Hurst Green is taking the opportunity given by the Localism Act to have a genuine influence on the development of our own community by creating a Neighbourhood Plan.

The vision for the Parish of Hurst Green seeks to capture the purpose and aspirations for Hurst Green village and the surrounding areas.

It forms the basis on which the Neighbourhood Plan objectives, future policies and community initiatives will be formulated.

Our community has decided that our vision is that by 2030:

Health and Happiness

Hurst Green will become a thriving, safe and friendly village within the High Weald, along with the hamlets of Swiftsden and Silver Hill, which foster a healthy lifestyle and encourage residents to live active, social and meaningful lives.

Business, Economy and Tourism

We will strongly support local prosperity and will create a thriving village community, that supports existing and new local businesses, and seeks to boast a prosperous, well-presented village, where people want to live, work and visit.

Housing

We will support sustainable and sensitive housing development that enables us to deliver on our vision and objectives, developing the facilities that are needed to address the current and future needs of our community.

Travel and Transport

We will seek to remove all non-local traffic from the Parish’s existing roads, creating an environment that reduces the speed of motor traffic and encourages walking, cycling and low carbon transport over car-use for shorter journeys.

Land and Nature

We will go to great lengths to protect and promote our outstanding natural environment and will seek to improve access to the countryside and our nearby green spaces, restoring land for the benefit of people and wildlife.

Further Reading: How does the vision for Hurst Green align to the District Council’s vision for Rother?

The vision for Hurst Green has been developed to support Rother District Council’s view of the district by 2028. It is also inline with the East Sussex Integrated Sustainable Community Strategy.

Vision for Rother by 2028

Rother District is recognised for its high quality of life, where there is a strong emphasis on community life.

This has been achieved by continuing to support and further develop vibrant, safe, balanced and inclusive communities.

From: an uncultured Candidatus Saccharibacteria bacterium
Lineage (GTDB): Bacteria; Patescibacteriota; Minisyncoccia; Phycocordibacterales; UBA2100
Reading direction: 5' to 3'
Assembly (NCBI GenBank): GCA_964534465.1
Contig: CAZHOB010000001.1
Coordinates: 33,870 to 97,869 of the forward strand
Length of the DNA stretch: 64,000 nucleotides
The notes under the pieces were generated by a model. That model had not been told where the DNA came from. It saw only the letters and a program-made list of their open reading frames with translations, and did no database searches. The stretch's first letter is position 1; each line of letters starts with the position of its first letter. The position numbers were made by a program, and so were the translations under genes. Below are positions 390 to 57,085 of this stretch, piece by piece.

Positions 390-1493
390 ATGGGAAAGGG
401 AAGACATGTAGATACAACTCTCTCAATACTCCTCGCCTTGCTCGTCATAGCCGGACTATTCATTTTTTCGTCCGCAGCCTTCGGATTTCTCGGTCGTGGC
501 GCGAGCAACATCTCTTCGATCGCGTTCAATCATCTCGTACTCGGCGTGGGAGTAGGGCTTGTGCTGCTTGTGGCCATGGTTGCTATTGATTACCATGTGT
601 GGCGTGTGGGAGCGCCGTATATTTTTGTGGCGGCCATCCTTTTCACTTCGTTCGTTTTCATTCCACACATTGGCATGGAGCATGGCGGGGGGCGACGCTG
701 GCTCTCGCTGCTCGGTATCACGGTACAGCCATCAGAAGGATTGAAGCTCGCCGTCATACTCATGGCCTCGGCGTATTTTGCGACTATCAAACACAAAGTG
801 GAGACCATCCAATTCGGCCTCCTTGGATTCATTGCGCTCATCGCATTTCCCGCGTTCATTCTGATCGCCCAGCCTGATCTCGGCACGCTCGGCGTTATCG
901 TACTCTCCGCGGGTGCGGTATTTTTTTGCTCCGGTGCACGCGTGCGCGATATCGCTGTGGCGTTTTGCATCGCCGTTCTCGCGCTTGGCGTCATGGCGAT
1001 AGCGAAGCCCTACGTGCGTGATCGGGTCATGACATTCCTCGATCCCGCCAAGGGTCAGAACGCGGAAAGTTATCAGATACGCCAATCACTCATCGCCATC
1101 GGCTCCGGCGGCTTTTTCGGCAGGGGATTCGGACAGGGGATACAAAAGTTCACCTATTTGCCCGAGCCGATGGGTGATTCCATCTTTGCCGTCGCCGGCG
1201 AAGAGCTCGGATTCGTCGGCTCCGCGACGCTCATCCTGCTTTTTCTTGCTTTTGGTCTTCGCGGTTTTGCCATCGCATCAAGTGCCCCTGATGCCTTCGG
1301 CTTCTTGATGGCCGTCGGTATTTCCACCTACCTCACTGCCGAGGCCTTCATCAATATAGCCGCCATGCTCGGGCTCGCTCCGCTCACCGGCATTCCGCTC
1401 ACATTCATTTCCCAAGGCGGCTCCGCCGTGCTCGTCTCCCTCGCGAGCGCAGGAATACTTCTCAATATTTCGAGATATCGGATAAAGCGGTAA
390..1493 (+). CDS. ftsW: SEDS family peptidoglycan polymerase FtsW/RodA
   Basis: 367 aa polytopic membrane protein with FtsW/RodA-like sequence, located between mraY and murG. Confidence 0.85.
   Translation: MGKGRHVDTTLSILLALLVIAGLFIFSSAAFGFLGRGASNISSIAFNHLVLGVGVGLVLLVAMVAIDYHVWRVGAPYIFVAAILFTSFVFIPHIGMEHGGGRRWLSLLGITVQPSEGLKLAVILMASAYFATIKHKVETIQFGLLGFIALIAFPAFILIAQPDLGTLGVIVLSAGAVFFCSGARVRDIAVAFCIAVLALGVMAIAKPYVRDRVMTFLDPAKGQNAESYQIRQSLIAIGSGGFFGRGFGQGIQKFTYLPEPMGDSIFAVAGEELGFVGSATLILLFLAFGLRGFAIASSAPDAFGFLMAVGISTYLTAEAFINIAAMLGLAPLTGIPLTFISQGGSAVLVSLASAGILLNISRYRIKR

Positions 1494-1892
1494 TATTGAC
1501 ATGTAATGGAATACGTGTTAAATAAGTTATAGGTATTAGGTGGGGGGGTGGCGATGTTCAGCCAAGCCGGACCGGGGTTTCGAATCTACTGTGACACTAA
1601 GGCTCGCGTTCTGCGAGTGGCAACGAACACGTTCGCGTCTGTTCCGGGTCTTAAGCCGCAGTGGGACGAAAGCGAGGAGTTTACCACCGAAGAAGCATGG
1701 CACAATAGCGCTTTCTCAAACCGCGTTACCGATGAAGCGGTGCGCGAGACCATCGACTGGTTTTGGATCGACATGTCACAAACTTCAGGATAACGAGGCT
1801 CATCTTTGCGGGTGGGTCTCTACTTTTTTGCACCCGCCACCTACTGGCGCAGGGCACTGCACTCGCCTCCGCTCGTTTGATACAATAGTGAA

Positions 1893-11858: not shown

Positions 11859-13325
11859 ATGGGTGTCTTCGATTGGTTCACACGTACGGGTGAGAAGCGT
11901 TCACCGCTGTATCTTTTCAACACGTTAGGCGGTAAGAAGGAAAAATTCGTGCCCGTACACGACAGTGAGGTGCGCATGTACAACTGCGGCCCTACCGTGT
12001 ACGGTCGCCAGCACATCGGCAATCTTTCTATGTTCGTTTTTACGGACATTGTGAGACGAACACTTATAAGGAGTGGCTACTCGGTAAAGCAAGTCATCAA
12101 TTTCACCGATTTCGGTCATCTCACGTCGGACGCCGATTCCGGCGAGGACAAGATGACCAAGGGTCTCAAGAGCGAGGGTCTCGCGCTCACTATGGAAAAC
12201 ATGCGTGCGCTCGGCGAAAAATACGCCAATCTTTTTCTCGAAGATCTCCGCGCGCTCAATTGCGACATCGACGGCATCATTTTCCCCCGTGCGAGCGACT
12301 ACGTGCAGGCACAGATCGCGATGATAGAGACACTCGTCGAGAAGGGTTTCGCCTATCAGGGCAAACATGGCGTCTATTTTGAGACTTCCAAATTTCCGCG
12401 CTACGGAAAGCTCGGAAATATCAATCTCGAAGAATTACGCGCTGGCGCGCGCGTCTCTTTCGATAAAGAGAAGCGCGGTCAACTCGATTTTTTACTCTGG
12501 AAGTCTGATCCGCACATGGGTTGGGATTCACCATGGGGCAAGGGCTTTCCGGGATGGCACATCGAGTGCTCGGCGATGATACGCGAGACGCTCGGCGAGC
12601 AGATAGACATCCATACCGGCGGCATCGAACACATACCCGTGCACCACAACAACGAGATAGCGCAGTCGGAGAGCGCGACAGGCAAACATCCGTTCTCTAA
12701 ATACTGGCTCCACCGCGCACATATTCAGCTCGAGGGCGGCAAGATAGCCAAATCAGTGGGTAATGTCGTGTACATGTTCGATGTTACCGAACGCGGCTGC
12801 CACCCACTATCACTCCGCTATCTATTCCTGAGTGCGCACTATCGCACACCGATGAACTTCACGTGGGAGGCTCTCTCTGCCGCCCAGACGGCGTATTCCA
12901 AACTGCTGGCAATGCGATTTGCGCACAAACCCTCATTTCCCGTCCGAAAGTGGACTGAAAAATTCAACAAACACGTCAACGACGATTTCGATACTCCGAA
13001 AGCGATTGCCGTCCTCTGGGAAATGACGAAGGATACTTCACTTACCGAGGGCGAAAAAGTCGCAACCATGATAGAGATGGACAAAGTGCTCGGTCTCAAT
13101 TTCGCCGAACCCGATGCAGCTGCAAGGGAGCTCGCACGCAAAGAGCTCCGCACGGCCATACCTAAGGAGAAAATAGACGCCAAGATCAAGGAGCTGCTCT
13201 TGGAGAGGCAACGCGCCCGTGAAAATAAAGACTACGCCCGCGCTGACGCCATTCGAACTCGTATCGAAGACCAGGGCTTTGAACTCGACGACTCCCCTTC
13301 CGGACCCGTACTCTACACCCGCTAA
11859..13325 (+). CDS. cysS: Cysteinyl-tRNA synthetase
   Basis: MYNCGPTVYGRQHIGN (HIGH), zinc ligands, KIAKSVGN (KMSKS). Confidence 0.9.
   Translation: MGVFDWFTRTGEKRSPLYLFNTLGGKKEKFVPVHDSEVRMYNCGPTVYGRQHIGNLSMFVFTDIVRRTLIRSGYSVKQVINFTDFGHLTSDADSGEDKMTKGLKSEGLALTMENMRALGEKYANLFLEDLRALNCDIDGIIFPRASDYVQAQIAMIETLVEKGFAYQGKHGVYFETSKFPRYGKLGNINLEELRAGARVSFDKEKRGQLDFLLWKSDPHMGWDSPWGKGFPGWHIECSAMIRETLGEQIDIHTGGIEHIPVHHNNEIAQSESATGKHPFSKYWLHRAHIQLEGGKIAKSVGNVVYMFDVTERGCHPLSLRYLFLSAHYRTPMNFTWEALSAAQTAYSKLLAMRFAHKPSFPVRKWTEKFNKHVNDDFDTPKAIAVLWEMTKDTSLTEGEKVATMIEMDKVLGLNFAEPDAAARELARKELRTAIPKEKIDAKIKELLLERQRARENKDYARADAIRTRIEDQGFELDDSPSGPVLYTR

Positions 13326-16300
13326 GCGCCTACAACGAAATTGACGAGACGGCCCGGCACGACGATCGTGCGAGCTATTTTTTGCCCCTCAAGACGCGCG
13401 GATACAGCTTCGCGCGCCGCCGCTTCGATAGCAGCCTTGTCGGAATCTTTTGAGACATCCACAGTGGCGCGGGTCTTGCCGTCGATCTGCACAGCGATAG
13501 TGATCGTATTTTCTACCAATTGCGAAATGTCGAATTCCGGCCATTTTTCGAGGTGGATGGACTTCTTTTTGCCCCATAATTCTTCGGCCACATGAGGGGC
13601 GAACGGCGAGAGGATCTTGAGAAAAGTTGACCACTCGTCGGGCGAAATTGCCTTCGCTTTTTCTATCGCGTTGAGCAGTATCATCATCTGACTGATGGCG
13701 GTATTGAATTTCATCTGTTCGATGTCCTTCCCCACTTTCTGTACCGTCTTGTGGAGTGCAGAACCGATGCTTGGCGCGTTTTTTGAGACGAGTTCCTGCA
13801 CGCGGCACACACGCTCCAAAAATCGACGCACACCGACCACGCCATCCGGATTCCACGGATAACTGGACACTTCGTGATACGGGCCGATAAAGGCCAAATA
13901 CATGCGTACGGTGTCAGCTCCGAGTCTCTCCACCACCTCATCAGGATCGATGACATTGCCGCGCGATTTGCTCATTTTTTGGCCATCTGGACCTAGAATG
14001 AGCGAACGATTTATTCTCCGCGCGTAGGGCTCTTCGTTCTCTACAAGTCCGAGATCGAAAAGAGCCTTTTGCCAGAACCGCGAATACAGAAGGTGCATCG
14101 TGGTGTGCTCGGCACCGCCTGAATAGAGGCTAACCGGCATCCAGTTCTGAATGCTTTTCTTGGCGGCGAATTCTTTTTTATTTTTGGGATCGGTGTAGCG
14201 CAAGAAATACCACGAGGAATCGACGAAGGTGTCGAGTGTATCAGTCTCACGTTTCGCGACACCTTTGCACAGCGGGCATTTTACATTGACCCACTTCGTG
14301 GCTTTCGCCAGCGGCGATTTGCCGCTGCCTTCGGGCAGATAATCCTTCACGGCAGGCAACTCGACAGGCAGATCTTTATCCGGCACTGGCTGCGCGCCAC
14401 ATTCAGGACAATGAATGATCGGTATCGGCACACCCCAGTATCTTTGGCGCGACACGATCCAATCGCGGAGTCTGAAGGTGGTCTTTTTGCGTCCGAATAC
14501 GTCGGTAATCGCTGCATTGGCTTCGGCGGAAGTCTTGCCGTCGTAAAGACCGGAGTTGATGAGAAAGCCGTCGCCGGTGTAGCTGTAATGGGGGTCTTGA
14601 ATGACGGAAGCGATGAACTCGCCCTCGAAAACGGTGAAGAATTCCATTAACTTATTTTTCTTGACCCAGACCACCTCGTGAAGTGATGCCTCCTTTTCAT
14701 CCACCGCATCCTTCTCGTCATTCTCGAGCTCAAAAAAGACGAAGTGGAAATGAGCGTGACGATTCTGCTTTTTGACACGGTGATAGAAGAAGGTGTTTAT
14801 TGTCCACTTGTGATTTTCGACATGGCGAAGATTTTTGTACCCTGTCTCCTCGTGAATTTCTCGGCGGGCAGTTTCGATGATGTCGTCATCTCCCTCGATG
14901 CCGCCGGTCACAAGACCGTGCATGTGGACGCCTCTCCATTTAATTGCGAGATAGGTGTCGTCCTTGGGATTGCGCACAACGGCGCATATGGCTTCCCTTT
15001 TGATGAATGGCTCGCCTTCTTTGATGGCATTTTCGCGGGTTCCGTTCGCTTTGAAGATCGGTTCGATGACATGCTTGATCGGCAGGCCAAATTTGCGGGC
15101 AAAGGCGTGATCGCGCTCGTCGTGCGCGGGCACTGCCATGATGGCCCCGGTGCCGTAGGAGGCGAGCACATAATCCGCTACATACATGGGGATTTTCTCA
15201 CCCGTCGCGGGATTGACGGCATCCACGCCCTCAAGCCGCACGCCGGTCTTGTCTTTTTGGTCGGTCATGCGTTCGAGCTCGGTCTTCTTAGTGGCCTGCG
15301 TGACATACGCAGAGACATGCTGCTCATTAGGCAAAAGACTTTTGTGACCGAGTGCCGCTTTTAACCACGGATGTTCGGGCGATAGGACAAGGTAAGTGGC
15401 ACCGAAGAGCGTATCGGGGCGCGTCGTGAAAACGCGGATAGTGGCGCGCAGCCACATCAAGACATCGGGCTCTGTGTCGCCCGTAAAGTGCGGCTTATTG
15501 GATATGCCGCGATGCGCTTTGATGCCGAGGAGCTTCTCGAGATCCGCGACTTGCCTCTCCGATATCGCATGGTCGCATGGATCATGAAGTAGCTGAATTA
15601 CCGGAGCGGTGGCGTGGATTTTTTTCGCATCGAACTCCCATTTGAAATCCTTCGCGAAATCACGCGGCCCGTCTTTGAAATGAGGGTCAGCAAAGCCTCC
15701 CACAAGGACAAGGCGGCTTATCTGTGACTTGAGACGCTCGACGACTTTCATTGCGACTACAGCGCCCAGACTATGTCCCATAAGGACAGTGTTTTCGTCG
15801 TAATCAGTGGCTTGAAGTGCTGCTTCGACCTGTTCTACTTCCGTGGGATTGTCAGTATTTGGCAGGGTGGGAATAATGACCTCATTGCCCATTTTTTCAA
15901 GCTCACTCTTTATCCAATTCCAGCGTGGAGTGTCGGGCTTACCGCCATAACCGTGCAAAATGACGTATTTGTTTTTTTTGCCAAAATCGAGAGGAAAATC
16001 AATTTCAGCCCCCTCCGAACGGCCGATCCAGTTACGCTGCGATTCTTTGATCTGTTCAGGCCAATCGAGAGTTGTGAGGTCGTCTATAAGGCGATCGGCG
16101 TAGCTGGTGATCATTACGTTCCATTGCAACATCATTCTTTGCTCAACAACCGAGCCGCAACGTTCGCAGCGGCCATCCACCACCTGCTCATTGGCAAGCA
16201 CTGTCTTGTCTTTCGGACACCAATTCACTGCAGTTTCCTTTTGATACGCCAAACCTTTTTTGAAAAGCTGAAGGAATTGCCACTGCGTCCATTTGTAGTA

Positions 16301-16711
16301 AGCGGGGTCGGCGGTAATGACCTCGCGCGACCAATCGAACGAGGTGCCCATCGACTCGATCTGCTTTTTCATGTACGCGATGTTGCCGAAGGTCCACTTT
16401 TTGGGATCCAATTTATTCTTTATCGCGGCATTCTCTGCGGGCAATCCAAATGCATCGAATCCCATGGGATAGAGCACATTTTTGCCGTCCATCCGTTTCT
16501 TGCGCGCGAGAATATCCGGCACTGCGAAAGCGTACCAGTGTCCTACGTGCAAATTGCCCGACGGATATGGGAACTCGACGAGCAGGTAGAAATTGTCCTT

There is a strong commitment to a more sustainable, low carbon future and adapting to climate change.

There is sensitive stewardship of environmental resources and conservation of the area’s outstanding environmental and cultural assets.

Sustainable economic growth has been secured, with much improved job opportunities, which encourage young people to stay in the area and provides greater prosperity for all.

Improved economic and social well-being has been facilitated by better access to jobs and services, in both urban and rural areas, and improved connectivity with the rest of the region, including through effective telecommunications networks.

Development and change has contributed significantly to meeting local needs and aspirations, having responded positively to the district’s circumstances, as well as to regional and sub-regional imperatives.

The inland and essentially rural areas of Rother, falling mainly within the High Weald AONB, retain their essential local character. The character and diversity of villages has also been retained. They are vibrant and inclusive, having evolved organically in a manner sensitive to their surroundings.

The countryside continues to be protected for its intrinsic value as well as being more accessible and economically active, while change is carefully managed to respect its character.

Taken from ‘The Core Strategy’ – the key planning policy document within Rother. It sets the overall vision and objectives for development in the district up to 2028 and includes policies relating to the scale and distribution of development across its towns and rural areas Discover more on the District Council’s website: http://www.rother.gov.uk/CoreStrategy

Find out more about our aims…

Discover the 9 aims for the Hurst Green Neighbourhood Plan and how they will help deliver the 2030 vision read more

In a 2019 survey of 217 local households, 28% said that the Hurst Green area was not their preferred place to live, citing limited facilities, road noise and it being difficult to meet people and make friends.”

SURVEY RESULTS

2019 Parish Council housing survey

“If Hurst Green gets more houses, as a village are going to struggle with the amount of traffic – it’s already a danger, there has been so many accidents, it will just get worse and it will also make the lack of parking worse.”

Local Resident

2018 Resident survey

“As a school community, we have very real concerns about the safety of our pupils every single day. Cars, vans and lorries including large HGVs often speed through Hurst Green. Parents have no choice but to park on the A21 to drop off and pick up their children as there is a lack of parking in the village. The walk to school from other parts of the village is along a narrow pavement which is often blocked. ”

Hurst Green School Headteacher

November 2018